United Nation fights to end virginity testing

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United Nation fights to end virginity testing

A group of United Nations agencies has issued a joint statement calling for the ban of misleading and damaging tests meant to ‘assess the virginity’ of women and girls, a common practice in at least 20 countries.

Virginity testing is a controversial practice that aims to determine whether a girl has had sexual intercourse or not. What is also referred to as “hymen”, “two-finger” or “per vagina” examination is a misguided gynaecological inspection of female genitalia carried out to allegedly determine whether a woman or girl has had penetrative intercourse.

Virginity is valued in some cultures and is used to ascertain a girl’s ‘worth’. Those who are sexually active are seen as being “impure” and “dishonourable”. It is also ironically used to evaluate a sexual assault, even though it inflicts further trauma. Virginity testing is practiced globally and is documented in at least 20 countries, spanning all regions, even though medical experts have stated it is unreliable and has severe repercussions.

In a global call for the elimination of violence against women and girls everywhere, the UN Human Rights Office (OHCHR), UN Women and the World Health Organisation (WHO) said in a statement issued during the World Congress of Gynecology and Obstetrics: “This medically unnecessary, and often times painful, humiliating and traumatic practice must end.”

The UN agencies explained that the practice has “no scientific or clinical basis” and that “there is no examination that can prove a girl or woman has had sex”, as the “appearance of girl’s or woman’s hymen cannot prove whether they have had sexual intercourse or are sexually active or not”.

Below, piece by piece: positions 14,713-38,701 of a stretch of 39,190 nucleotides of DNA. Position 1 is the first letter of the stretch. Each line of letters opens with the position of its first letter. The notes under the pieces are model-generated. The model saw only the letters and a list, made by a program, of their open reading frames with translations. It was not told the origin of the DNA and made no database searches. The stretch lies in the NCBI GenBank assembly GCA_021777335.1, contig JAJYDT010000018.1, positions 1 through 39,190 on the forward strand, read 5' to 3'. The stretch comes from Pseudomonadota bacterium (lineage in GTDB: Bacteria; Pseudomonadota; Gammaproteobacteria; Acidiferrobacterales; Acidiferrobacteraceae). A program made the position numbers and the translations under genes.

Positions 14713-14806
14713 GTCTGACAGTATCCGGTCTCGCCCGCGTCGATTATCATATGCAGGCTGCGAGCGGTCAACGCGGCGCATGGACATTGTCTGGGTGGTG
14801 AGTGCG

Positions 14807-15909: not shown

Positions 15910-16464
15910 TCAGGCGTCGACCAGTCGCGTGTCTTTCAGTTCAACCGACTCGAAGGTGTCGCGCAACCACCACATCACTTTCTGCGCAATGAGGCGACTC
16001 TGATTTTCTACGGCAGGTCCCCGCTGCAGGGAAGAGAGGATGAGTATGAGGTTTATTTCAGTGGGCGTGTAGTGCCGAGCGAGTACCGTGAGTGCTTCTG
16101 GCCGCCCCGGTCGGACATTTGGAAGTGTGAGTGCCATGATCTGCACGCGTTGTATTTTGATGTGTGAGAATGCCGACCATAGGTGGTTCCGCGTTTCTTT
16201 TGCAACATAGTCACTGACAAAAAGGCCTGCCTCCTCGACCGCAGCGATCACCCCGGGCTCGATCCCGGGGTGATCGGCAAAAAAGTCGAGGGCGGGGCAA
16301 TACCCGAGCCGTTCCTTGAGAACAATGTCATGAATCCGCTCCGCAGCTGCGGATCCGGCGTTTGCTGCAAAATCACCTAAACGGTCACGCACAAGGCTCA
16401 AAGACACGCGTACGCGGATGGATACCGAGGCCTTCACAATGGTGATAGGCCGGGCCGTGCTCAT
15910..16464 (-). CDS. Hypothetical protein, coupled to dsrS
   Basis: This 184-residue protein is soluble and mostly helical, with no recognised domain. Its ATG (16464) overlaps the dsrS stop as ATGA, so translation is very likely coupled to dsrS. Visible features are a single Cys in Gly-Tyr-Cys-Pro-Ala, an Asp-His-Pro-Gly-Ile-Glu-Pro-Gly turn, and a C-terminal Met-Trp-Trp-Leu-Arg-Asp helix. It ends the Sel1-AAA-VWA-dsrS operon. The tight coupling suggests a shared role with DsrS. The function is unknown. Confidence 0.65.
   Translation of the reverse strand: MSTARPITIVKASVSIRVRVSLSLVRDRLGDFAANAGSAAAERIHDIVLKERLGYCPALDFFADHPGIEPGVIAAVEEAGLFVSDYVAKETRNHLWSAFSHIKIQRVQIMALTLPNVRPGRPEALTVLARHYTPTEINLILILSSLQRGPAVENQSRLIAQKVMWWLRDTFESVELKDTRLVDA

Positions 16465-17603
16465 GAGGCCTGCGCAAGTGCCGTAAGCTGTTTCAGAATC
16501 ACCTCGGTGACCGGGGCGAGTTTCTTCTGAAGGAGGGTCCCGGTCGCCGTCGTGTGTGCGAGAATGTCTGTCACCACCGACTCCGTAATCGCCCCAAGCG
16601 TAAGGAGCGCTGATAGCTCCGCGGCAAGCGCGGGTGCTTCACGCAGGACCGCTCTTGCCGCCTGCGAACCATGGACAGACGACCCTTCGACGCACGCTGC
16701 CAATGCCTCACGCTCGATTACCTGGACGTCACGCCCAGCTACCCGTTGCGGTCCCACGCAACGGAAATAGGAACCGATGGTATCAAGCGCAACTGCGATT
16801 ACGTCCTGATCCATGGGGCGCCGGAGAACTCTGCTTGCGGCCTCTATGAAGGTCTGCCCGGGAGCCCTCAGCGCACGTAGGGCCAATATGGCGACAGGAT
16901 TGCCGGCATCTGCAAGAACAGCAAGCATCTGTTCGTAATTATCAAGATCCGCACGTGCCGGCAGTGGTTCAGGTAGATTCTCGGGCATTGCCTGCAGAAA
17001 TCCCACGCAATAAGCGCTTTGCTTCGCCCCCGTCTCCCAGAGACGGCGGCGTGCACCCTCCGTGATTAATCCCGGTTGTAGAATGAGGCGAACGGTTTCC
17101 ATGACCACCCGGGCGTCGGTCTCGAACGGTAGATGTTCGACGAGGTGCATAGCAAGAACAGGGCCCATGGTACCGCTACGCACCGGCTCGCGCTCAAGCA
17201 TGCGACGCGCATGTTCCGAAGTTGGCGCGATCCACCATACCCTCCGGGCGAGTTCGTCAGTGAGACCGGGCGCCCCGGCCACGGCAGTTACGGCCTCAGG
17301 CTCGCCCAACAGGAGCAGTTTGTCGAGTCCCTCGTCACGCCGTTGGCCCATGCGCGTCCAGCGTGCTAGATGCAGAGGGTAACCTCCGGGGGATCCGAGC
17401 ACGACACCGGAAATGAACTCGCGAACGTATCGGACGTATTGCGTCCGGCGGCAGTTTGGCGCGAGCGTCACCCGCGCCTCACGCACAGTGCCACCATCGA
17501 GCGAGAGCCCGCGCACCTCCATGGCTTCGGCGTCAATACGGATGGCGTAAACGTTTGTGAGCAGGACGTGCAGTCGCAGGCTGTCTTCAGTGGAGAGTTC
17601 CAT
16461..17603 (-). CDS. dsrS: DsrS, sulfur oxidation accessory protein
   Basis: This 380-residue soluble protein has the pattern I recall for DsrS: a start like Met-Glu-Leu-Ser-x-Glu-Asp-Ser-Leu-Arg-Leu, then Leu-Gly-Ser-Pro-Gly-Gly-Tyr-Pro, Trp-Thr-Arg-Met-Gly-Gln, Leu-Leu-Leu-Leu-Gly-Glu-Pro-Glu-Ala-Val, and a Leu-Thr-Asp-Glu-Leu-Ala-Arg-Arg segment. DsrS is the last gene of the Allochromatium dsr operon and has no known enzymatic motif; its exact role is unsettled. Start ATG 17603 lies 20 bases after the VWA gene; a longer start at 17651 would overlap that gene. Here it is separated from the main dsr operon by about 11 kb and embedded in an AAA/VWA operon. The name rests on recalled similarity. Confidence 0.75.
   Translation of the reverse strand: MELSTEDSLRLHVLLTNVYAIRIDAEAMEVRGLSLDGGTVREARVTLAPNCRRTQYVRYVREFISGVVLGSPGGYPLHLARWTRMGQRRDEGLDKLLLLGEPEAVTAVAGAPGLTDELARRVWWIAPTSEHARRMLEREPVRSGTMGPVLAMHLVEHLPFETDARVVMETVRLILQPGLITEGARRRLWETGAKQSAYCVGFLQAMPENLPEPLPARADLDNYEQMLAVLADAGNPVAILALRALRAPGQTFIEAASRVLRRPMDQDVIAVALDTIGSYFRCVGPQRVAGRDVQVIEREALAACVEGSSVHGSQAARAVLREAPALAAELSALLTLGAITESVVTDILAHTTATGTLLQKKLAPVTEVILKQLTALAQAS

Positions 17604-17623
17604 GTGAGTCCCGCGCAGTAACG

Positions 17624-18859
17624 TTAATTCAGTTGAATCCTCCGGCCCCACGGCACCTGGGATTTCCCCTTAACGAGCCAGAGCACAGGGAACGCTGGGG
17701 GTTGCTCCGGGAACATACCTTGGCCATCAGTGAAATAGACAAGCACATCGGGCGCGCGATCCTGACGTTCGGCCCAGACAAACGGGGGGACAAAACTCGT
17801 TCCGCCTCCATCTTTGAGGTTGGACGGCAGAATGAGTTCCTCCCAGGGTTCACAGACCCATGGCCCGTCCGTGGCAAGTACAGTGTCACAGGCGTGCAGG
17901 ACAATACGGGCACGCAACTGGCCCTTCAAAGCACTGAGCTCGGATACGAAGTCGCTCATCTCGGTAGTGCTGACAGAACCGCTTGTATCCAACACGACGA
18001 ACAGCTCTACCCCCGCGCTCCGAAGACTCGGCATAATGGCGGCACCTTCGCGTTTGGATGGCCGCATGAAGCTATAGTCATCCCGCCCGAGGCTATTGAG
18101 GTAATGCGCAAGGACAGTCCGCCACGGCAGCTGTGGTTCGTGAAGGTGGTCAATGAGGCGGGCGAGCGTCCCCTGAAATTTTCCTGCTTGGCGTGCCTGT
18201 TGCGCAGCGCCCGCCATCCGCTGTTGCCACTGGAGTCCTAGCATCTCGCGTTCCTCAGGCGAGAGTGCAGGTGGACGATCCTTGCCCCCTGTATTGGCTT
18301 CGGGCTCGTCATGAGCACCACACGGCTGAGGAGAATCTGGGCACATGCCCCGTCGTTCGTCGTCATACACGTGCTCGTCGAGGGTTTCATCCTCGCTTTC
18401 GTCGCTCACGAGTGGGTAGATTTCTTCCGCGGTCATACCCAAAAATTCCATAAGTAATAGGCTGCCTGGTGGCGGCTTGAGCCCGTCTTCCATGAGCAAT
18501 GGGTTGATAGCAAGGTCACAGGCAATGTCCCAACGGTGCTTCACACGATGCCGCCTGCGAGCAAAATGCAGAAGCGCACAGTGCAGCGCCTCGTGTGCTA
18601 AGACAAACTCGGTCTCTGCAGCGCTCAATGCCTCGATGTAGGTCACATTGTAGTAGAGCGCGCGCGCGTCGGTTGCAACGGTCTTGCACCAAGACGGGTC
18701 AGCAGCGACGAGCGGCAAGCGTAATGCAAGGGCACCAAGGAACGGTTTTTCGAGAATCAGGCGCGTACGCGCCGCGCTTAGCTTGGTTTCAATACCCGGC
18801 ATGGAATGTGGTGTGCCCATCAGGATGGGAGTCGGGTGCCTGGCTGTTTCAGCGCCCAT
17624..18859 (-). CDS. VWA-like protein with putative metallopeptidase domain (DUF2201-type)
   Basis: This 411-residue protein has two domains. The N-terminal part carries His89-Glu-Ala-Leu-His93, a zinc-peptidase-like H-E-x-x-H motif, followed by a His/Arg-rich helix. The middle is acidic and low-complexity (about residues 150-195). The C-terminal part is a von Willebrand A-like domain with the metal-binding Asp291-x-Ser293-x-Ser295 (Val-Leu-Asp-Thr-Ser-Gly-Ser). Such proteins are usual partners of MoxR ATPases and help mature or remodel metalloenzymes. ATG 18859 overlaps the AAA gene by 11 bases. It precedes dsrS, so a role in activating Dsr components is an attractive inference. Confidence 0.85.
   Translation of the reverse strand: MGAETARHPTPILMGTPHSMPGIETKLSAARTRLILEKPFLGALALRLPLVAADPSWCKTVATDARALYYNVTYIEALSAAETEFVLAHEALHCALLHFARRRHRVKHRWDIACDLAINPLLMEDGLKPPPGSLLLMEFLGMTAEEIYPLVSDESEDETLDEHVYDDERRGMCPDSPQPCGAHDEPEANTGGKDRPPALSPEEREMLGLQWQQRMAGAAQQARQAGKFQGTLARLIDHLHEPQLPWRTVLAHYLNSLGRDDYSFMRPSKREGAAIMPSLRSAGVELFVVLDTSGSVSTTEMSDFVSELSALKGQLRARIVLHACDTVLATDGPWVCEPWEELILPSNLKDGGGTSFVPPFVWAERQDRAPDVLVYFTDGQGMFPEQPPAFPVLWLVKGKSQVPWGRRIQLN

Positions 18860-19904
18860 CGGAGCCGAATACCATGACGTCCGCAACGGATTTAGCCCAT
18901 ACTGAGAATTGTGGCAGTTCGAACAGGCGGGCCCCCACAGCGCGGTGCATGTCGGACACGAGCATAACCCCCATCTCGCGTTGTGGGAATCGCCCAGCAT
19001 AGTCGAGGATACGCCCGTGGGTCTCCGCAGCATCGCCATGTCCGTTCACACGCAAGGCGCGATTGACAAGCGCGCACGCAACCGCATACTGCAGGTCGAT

The statement went on to denounce the practice as “a violation of the human rights of girls and women, and can be detrimental to women’s and girls’ physical, psychological and social well-being. The examination can be painful, humiliating and traumatic. Given that these procedures are unnecessary and potentially harmful, it is unethical for doctors or other health providers to undertake them.”

Dr Princess Nothema Simelela, Assistant Director-General for Family, Women’s, Children’s and Adolescents’ Health at the WHO, says, “Health professionals can be great agents for change. With support from health systems and governments, they can recognise that ‘virginity testing’ has no medical or clinical basis, refuse to carry out the harmful practice, and educate the public about this. In doing so, they are upholding the Hippocratic oath of “first do no harm” and safeguarding the human rights of girls and women in their care.”

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